Transcript for Senate's brutal debate over COVID relief bill
We begin with the showdown in the senate as the covid relief bill inches its way forward. Yes, overnight Democrats finally reaching a deal on jobless benefits. Swaying the party's lone hold-out and appeasing some party moderates after a 12-hour stalemate over how high the payments should be and how long they should last. President Biden is throwing his support behind the compromise, but the battle not over yet. ABC's white house correspondent Maryalice parks is on capitol hill with what's next. Good morning, Maryalice. Reporter: Yeah, good morning, will. We saw late night deal-breaking here behind closed doors. This bill is incredibly popular in polling, but Democrats still struggling to agree with each other. They're hoping to eek this out themselves because Republicans are still united that this bill is just too big. The U.S. Senate pulling an all-nighter. Making last-minute changes to president Biden's nearly $2 trillion relief plan. Overnight Democrats reaching a deal among themselves clearing the way for a final vote to come if they stick together. The last 24 hours full of fits and starts. West Virginia's Joe Manchin, a moderate, bringing activity on the senate floor for a standstill for nearly 12 hours Friday. Debating how to expand unemployment benefits put in place during this pandemic set to expire for millions of Americans in just eight days. House Democrats voted to up those payments to $400 a week. Manchin pushing a smaller proposal. Finally reaching a deal with his democratic colleagues to keep benefits at $300 a week, but guaranteed through the first week of September. With exactly 50 Democrats in the senate and no Republicans supporting his bill, president Biden had no room for error. Privately he worked the phones, publicly called for swift action. All those empty storefronts aren't just shattered dreams, they're warning lights. Reporter: Republican leader Mitch Mcconnell commenting on the holdup among Democrats. What this proves is there's benefits to bipartisan when you're dealing with an issue of this magnitude. Reporter: On that proposal to raise the federal minimum wage all Republicans voting no along with eight Democrats including Arizona's Kristen Sinema facing criticisms for this exaggerated thumb's down. Vermont senator Bernie Sanders promising to fight that fight another day. Both the house and senate bills calling for most Americans to receive direct $1,400 payments and extra funding on tax returns for parents. Tammy triple, a single mom in Maine with two adult children at home, worries it still will not be enough. If we get fuel this week and stay warm and not freeze to death or do you get food? We're supposed to be one of the best countries in the world and we have sunk so far, it's difficult to be proud when there's people hurting, when there's people without. Reporter: Now the drama here overnight reminding the white house with only 50 democratic votes in the senate every one of those senators can make or break a deal. Democrats want this bill on the president's desk before those unemployment benefits expire March 14th, but the senate bill will still have to be reconciled with a house bill. That house bill included direct checks for more people, whit. Something we'll be watching over the weekend. Maryalice parks on capitol hill, thank you so much.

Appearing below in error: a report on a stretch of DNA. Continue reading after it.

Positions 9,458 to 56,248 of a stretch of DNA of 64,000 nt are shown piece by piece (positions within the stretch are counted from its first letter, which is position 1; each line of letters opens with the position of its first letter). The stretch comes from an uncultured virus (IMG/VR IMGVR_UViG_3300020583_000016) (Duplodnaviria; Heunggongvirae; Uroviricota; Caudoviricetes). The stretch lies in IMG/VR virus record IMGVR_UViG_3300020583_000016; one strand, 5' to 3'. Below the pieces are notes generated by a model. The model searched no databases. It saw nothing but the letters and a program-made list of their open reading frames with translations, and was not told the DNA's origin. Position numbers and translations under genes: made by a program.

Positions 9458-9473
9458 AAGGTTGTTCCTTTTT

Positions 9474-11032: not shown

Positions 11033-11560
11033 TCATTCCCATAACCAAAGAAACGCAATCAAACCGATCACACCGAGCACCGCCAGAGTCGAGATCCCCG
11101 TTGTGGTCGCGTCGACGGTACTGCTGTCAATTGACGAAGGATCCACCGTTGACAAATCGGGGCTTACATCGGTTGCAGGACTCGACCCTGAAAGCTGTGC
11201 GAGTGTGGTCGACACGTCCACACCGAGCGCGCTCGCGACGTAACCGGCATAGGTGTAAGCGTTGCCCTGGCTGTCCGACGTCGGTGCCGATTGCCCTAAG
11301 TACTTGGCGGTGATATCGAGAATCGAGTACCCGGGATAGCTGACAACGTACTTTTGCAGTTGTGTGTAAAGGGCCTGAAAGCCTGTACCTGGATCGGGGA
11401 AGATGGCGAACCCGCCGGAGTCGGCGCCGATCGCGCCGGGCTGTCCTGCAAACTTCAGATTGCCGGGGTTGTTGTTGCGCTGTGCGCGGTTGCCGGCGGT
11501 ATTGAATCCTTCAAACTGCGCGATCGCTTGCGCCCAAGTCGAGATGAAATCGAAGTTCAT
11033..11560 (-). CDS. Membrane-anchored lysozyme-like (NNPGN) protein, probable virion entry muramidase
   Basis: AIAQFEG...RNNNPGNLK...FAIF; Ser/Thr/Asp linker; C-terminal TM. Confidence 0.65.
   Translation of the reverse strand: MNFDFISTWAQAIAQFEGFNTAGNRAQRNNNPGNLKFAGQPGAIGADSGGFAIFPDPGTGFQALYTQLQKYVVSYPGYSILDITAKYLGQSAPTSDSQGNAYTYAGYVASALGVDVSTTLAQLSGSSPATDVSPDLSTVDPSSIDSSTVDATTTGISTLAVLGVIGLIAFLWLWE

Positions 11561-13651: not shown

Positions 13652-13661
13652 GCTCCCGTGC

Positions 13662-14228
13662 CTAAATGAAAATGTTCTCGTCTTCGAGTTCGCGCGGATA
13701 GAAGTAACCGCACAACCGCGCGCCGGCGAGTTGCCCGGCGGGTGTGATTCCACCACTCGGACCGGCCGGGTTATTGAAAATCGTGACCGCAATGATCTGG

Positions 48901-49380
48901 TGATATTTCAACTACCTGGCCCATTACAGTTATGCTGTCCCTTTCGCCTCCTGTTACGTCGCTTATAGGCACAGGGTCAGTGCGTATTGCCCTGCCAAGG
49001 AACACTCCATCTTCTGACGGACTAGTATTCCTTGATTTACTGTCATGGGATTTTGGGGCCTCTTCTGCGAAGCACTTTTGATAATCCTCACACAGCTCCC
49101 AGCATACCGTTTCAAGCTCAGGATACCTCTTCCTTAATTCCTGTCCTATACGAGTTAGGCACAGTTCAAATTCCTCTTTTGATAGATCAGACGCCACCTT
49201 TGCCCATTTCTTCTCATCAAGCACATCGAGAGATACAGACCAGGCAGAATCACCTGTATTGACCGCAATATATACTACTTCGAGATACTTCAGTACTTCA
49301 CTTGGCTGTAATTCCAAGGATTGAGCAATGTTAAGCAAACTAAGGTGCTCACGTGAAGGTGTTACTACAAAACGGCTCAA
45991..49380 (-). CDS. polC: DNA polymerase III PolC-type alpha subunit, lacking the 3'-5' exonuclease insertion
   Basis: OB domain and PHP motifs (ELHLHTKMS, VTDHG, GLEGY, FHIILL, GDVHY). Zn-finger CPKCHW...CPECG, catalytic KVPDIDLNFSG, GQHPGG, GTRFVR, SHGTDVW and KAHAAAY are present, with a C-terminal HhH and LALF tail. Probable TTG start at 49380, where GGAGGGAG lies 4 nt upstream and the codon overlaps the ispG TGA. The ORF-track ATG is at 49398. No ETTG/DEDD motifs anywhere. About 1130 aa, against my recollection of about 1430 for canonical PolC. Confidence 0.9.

This transcript has been automatically generated and may not be 100% accurate.